U.S. Pat. No. 2,962,097 issued Nov. 29, 1960 to William W. Dollison and shows a ported nipple for use in well tubing and has a sleeve therein which is shiftable by suitable tools between port-opening and port-closing positions to permit or prevent flow through the ports.
U.S. Pat. No. 3,993,129 which issued to Fred E. Watkins on Nov. 23, 1976 discloses a "FLUID INJECTION VALVE FOR WELLS" which is suitable for use in a side pocket mandrel in a well to control injection of chemicals and other treating fluids into the tubing from the surrounding annulus. Fluids enter the side of this valve, advance to an upwardly opening passage terminating in a valve seat and there acts on the spring biased valve. The fluids lift the valve to exit the seat, then turn and flow back down through an offset passage into the lower portion of the device and out the lower end thereof into the tubing. This is similar to the injection valve mechanism of the present invention.
None of the prior art of which the applicants are aware shows a fluid injection valve for use in a side pocket mandrel in a well to control the flow of fluids from the exterior to the interior of the tubing and having a bypass passage for bypassing the valve mechanism when necessary to circulate large volumes of liquids, the bypass passage being initially closed but being openable in response to the pressure interior of the tubing exceeding that exterior thereof by a predetermined amount.
The present invention is directed to a well tool for controlling flow of fluids into the tubing from exterior thereof at a downhole location and having initially closed bypass means openable in response to pressure interior of the tubing exceeding the pressure exterior of the tubing by a predetermined amount, this well tool having a housing connectable to the tubing and a flow passage therein extending between inlet and outlet means, an annular seat surrounding the flow passage, a valve engageable with the seat to control flow therethrough, operator means for moving the valve between open and closed positions and responsive to pressure exterior of the tubing exceeding that inside the tubing by a predetermined amount, bypass ports connecting the flow passage with the exterior of the tubing downstream of the annular seat, and a sleeve valve in the housing initially closing the bypass but movable to a position opening such ports when the pressure interior of the tubing exceeds the pressure exterior of the tubing by predetermined amount.
It is an object of this invention to provide a well tool installable in a tubing string for controlling the injection of fluids into the tubing from the region exterior thereof.
Another object is to provide such a well tool which can be installed in and removed from a side pocket mandrel or other suitable receptacle forming a part of the tubing string, this well tool permitting injection of fluids into the tubing when the pressure exterior of the tubing exceeds the pressure interior of the tubing by a predetermined amount.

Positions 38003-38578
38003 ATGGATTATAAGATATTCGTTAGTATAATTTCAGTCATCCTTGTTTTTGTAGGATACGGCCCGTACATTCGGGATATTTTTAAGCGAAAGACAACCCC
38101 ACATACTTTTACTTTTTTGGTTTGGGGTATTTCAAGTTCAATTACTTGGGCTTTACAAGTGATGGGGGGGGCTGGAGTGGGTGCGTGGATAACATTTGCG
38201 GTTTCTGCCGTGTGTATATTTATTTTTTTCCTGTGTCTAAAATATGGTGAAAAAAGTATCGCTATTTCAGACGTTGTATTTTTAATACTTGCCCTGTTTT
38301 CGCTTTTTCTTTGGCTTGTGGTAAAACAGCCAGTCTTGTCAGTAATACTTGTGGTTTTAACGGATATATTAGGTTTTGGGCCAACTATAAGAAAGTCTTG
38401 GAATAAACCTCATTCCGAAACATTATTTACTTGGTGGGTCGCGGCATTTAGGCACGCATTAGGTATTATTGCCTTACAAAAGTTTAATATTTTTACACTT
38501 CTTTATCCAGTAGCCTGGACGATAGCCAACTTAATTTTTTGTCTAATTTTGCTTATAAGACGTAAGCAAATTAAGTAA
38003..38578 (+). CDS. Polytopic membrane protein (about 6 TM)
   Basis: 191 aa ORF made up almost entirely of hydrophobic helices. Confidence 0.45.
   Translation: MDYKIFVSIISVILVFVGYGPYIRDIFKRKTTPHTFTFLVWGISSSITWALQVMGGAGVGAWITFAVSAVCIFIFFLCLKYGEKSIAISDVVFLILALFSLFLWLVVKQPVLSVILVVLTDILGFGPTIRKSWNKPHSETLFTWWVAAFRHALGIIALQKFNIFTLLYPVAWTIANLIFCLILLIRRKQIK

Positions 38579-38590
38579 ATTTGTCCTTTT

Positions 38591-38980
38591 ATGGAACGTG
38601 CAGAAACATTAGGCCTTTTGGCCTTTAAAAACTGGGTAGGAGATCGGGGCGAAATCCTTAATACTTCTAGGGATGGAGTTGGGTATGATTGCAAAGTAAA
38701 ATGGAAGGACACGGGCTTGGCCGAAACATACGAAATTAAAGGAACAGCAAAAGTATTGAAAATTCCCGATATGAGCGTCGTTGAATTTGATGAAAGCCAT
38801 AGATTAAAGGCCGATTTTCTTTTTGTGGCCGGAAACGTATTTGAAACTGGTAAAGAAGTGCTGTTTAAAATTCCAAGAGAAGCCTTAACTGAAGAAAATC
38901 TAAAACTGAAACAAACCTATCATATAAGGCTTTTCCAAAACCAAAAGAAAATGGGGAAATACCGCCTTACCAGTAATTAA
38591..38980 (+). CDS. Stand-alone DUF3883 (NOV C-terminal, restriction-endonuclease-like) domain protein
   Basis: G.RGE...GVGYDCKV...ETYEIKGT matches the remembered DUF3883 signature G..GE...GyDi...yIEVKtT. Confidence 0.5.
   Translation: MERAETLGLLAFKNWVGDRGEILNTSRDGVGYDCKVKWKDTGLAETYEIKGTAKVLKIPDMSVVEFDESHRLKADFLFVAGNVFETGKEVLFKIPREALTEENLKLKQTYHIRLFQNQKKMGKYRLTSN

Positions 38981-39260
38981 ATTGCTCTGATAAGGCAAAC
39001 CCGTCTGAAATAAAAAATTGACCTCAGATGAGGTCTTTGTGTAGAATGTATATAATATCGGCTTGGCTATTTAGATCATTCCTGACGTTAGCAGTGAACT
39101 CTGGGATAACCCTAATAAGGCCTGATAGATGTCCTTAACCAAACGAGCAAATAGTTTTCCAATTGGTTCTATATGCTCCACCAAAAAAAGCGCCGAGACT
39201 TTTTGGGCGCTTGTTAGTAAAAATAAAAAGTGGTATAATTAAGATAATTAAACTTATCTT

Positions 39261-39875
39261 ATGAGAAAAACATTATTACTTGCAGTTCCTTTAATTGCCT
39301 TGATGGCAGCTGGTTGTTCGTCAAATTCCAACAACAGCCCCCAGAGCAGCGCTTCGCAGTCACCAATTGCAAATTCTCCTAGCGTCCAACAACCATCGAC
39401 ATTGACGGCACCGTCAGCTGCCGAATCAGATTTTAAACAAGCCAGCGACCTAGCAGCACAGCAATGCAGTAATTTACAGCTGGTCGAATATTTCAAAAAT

Another object is to provide a well tool of the character described having a bypass passage therein through which fluids may be circulated at high rates as required, for instance, in killing the well.
A further object is to provide such a well tool having a sleeve valve controlling the bypass passage, the sleeve valve initially being in closed position and being movable to open position on occurrence of a tubing pressure which exceeds the pressure exterior thereof by a predetermined amount.
Another object is to provide a well tool of the character described wherein the sleeve valve controlling the bypass passage has seals of unequal diameters engaging the housing and the difference in the areas sealed by these seals is responsive to the occurrence of a tubing pressure which exceeds the pressure exterior of the tubing by a predetermined amount.
A further object is to provide a well tool of the character described wherein when the sleeve valve moves to open position it closes the main flow passage upstream of the bypass passage to ensure that the bypass passage will remain open.
Another object is to provide a well tool of the character described in which after the sleeve valve has been moved to open position, it cannot be returned to closed position responsive to differences between pressures in the tubing and pressures exterior thereof.
A further object of this invention is to provide a well tool of the character described having means therein for preventing flow from the interior of the tubing to the exterior thereof.
A further object is to provide a well tool of the character described having a check valve seat formed on the sleeve valve and surrounding the main flow passage and with a check valve closure engageable therewith for preventing back flow through the device, the check valve closure being biased towards the check valve seat by biasing means such as a spring.
Other objects and advantages will become apparent from reading the description which follows and from studying the accompanying drawings, wherein:
FIGS. 1-A, 1-B, and 1-C, taken together, form a longitudinal view, partly in section and partly in elevation with some parts broken away, showing the device of this invention as it would appear during injection of chemicals or the like treating fluids, therethrough;
FIG. 2 is a cross-sectional view taken along line 2--2 of FIG. 1-C;
FIG. 3 is a cross-sectional view taken along line 3--3 of FIG. 1-C;
FIG. 4 is a view similar to FIG. 1-C but showing the device with the bypass open and the main flow passage closed;
FIG. 5 is a cross-sectional view taken along line 5--5 of FIG. 4;
FIG. 6 is a fragmentary view similar to FIG. 4 showing circulating fluids flowing through the device as they would from exterior of the tubing to the interior thereof;